22 Asset valuations The value of assets as at 2008 covered by this Community Wastewater Management System asset management plan is summarised below. Assets were last revalued at August Assets are valued at Brownfield rates Value $0 Current Replacement Cost $20,057 Depreciable Amount $20,057 Depreciated Replacement Cost $11,966 Annual Depreciation Expense $412 Rate of Annual Asset Consumption 2.10% Rate of Annual Asset Renewal 0% Rate of Annual Asset Upgrade 0% Rate of Asset Upgrade (Including Contributed Assets) 0% Asset renewals as percentage of consumption 0% Percentage Increase in asset stock 0% Council s sustainability reporting reports the rate of annual asset consumption and compares this to asset renewal and asset upgrade and expansion. Asset Consumption = Annual Depreciation / Depreciable Amount. 100% Asset renewal = Asset Renewal Expenditure / Depreciable Amount. 100% Annual Upgrade/Expansion = Asset Upgrade, Expansion Expenditure / Depreciable Amount. 100%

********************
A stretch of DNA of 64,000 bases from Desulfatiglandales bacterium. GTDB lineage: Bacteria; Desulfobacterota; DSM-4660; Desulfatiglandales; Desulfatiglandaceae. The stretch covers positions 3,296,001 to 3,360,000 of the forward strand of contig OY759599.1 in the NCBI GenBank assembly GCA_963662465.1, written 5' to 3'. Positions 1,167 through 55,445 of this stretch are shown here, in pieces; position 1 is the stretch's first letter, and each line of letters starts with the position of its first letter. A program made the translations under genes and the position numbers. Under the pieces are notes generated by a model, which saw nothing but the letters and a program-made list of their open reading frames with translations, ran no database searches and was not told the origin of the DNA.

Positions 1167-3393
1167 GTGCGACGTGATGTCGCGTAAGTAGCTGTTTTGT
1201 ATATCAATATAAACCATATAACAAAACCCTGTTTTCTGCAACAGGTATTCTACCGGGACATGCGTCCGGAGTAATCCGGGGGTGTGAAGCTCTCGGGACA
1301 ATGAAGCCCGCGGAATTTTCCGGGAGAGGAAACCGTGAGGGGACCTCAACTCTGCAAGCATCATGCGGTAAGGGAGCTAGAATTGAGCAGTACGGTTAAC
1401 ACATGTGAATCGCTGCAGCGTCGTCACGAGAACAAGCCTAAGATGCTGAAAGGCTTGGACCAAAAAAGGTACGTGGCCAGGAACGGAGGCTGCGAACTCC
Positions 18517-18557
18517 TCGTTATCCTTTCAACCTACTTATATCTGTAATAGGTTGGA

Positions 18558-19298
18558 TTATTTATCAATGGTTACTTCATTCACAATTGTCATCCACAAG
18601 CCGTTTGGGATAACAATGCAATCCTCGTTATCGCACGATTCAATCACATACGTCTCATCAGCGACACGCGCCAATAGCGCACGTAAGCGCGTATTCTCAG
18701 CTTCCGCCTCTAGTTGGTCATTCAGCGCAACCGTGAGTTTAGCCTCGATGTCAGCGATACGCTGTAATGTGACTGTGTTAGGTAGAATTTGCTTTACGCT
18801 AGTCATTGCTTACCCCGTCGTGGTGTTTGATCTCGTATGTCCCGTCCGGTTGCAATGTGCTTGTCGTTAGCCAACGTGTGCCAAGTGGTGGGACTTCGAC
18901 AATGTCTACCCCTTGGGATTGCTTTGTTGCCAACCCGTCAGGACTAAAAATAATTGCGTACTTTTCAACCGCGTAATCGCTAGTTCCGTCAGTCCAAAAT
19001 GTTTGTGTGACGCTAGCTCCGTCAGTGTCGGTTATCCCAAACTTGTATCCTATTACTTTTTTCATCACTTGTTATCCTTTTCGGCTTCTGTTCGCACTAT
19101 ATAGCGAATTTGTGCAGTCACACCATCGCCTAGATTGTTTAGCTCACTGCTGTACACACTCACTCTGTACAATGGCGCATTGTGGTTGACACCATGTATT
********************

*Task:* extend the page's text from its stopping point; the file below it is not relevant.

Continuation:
23 Risk Management Plan An assessment of risks 3 associated with service delivery from Community Wastewater Management System assets has identified critical risks to Council. The risk assessment process identifies credible risks, the likelihood of the risk event occurring, the consequences should the event occur, develops a risk rating, evaluates the risk and develops a risk treatment plan for nonacceptable risks. Critical risks, being those assessed as Very High - requiring immediate corrective action and High requiring prioritised corrective action identified in the infrastructure risk management plan are summarised in Table Councils Infrastructure Risk Management Plan